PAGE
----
Fox Theater, Oakland
March 17, 2017
All photos by Paul Piazza.
If anyone was wondering how fired up Lettuce were for their headlining show at Oakland’s Fox Theatre, they got their answer about five seconds after the band hit the stage.
Keyboardist Nigel Hall came bouncing out onto the edge of the stage in an Oakland t-shirt as the band hustled to their instruments behind him. He immediately began exhorting the crowd by throwing up his arms and shouting, “What’s up Oakland? …..What’s UPPP Oaklaaaaannddd!??!!??” The Dude was fired up.
After getting the response he wanted from the packed house (who were insanely stoked to see this band), he bounded up to his keyboards and the band commenced to show the crowd at the Fox why they are considered one of the key players in the modern funk renaissance. The band match their smooth and soulful grooves with a hip-hop inspired urgency and mastery of beat.
On this night, they played cuts from the great 2015 album Crush as well 2012’s Fly and all the way back to “Reunion” from 2002’s Outta Here. Lettuce push headphone listening boundaries with the sophistication of their arrangements and recordings. In fact Crush reached number one on the Jazz Albums chart. However, hearing how dynamically they execute their songs live is where one gets a true feel for the funk beast that they have become. By the end of the night, one could imagine them being immortalized on the fictional Mt. Crushmore, which is the title of their recent EP.
The group began in the summer of 1992 when its members attended a music program at Berklee College of Music in Boston. They were brought together by the influence of various funk bands and began jamming together. Over time they’ve developed into one of the most sophisticated funky, jazz behemoths on the scene .
To gain a partial depth of understanding for evolution of the bands high-level talent, one could simply examine the rhythm section. Bassist Erick “Jesus” Coomes gained notoriety in the hip-hop world when he worked with the rapper D.J.Quick. Through this collaboration, he gained gigs as a songwriter for notables like Jennifer Lopez, Pitbull, and Mike Posner. He has also played on tracks by Eminem, Snoop Dogg, and Kanye West. Quik started calling him Jesus because of his yoga and meditation practice, long beard and hair, and clean living. It stuck. His bass playing continues to grow immeasurably. Cypress Hill’s B-Real once said, “He walks on water on the track with the bass.”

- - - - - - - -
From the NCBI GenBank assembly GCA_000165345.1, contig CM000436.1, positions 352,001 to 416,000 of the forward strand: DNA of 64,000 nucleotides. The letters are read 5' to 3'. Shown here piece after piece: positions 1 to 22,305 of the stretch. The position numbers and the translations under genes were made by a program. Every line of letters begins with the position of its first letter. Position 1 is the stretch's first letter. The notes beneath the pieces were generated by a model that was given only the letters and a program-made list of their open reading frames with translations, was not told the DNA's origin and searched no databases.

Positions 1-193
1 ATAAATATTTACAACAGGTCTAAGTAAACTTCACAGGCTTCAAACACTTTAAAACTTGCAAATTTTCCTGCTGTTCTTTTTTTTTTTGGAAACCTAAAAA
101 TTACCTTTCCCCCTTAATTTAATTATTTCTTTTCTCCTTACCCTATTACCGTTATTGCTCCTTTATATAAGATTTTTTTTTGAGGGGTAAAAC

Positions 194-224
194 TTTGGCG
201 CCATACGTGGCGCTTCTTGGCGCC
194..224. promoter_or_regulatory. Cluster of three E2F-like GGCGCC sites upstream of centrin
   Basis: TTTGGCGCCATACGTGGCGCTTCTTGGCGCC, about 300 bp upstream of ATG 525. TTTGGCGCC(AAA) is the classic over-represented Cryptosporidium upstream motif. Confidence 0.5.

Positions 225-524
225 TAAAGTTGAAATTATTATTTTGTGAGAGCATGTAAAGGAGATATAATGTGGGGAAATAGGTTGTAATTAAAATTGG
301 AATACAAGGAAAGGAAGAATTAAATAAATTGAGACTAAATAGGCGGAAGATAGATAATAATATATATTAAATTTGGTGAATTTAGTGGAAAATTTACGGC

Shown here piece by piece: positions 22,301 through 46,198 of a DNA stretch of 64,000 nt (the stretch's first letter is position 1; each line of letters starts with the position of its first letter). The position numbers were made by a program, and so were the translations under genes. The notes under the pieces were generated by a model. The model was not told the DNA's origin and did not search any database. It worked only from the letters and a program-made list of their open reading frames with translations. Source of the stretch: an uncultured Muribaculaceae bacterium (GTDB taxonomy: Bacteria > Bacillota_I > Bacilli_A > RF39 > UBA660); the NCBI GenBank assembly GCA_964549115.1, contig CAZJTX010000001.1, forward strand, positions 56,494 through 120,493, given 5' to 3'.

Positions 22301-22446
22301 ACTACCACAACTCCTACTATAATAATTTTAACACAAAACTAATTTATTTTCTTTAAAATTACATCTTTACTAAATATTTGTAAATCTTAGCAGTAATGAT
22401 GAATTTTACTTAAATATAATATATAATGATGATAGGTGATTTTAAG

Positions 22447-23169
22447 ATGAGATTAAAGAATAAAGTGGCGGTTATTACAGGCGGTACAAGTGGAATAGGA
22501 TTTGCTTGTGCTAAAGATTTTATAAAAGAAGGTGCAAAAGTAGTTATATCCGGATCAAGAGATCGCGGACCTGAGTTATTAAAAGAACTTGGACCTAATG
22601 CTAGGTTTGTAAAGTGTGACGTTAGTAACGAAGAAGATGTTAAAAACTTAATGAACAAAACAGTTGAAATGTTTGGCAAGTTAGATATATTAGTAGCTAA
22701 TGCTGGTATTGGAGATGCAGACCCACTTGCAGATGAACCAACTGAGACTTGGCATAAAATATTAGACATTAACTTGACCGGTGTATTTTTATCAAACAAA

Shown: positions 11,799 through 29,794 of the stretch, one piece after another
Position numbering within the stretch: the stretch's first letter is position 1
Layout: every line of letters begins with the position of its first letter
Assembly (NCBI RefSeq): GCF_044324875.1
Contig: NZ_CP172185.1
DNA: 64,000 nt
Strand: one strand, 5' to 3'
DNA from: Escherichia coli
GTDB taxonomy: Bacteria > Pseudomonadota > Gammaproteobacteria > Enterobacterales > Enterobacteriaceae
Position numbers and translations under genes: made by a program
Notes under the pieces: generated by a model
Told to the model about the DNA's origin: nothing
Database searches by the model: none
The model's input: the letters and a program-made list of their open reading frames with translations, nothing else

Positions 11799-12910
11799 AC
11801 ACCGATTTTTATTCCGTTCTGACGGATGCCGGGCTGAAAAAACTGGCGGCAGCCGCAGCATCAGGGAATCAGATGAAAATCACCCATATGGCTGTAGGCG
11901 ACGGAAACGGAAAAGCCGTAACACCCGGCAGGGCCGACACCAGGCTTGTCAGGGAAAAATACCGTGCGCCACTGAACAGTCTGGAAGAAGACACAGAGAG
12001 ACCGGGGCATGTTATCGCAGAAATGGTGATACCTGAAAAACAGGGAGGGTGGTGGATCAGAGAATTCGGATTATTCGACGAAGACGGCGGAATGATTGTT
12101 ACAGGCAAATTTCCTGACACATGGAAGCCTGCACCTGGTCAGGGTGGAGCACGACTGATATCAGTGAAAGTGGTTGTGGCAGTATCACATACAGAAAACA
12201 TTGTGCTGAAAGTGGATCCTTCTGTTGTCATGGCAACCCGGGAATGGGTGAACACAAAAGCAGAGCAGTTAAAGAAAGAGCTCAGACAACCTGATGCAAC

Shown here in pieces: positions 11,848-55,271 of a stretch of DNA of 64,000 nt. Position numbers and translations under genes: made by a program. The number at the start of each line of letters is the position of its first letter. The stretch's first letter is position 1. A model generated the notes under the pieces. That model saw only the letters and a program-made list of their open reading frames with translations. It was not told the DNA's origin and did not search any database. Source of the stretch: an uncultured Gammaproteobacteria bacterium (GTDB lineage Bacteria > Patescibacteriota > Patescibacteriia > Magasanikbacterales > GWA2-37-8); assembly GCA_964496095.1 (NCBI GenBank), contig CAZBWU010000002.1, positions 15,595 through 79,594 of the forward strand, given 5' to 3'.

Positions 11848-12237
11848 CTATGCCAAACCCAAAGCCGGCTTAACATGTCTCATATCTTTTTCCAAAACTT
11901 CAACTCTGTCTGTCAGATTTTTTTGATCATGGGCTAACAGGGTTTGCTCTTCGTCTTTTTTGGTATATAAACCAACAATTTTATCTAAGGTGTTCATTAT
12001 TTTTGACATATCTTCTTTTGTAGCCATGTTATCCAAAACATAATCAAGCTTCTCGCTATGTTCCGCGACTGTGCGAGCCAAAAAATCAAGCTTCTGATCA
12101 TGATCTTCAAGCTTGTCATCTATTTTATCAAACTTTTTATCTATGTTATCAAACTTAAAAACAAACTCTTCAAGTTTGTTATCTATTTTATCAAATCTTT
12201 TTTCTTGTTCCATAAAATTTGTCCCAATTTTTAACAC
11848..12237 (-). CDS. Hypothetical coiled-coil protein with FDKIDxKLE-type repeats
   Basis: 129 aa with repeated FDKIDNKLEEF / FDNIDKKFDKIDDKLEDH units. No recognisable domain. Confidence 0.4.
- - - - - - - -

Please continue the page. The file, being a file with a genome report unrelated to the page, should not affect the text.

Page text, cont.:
Adam Deitch, who also plays in a brilliant duo called Break Science, has worked with Quik, John Scofield, and Pretty Lights, among others. He is also a well-known producer who has done tracks for 50-Cent, Talib Kweli, and Matisyahu. His insane precision and unique breakbeat style make him an in-demand drummer and someone fellow percussionists study closely. When Deitch and Coomes lock in as they did early in the show on the track “Bowler,” jumping from breaks that showcase the horns back to the main groove, it is a thing to behold. Later that night, after the show, Deitch would do a guest DJ set at The New Parish. He is relentless in his pursuit of sounds.
Though the seven-piece band mainly goes the instrumental route, Hall grabbed the vocals on a few great tracks including “Ready to Live” and “Do It Like You Do.” Hall, who also fronts the Nigel Hall Band, is an in-demand player who has toured with he likes The Warren Haynes Band and Ledesi. Opposite Hall on the upper riser behind the band was Neal Evans, who played organ/keys. He was a great counterpart to Coomes, throwing down some wicked organ bass lines on a few tracks.
The horn duo of Eric Bloom on trumpet and Ryan Zoidis on saxophone are also known as The Shady Horns. They double up for the band Soullive, which is pretty intertwined with Lettuce. The two packed plenty of punch into the set, with Bloom providing high energy and both hitting all the right notes. The duo were incredibly sharp. Rounding out the group was guitarist Adam ‘Smeeans” Smirnoff, who is a serious player. Smirnoff, who also plays in Hall’s band and Break Science from time to time, has taken his talent to the likes of Lady Gaga and The GZA.
Opening the show were The Floozies, a pair of brothers from Lawrence, Kansas who are pretty damn adept at the electro funk thing. Producer/guitarist Matt Hill mans a Powerbook and a guitar. While his brother Mark lays down a wicked groove on the drums, Matt is either calling up party funk on his computer or rocking his guitar impressively. The crowd were overwhelmingly impressed by the band’s opening set.
Before The Floozies set, The Russ Liquid Test entertained the crowd with a trippy set of soulful vintage stylings. Led by producer/brass specialist Russell Scott, this New Orleans group carved out a unique sound.
But on this night, Lettuce was the main focus for all. And they put a nice wrap on the whole thing with a freaky fun, celebratory finish “Sounds like a party” with Hall on vocals. Anybody within earshot could tell that it did indeed sound like a big ol’ party that night at the Fox.
For more information about Lettuce, see their website.
Everything you wanted to know about The Floozies can be found here.
Check out The Russ Liquid Test on their website.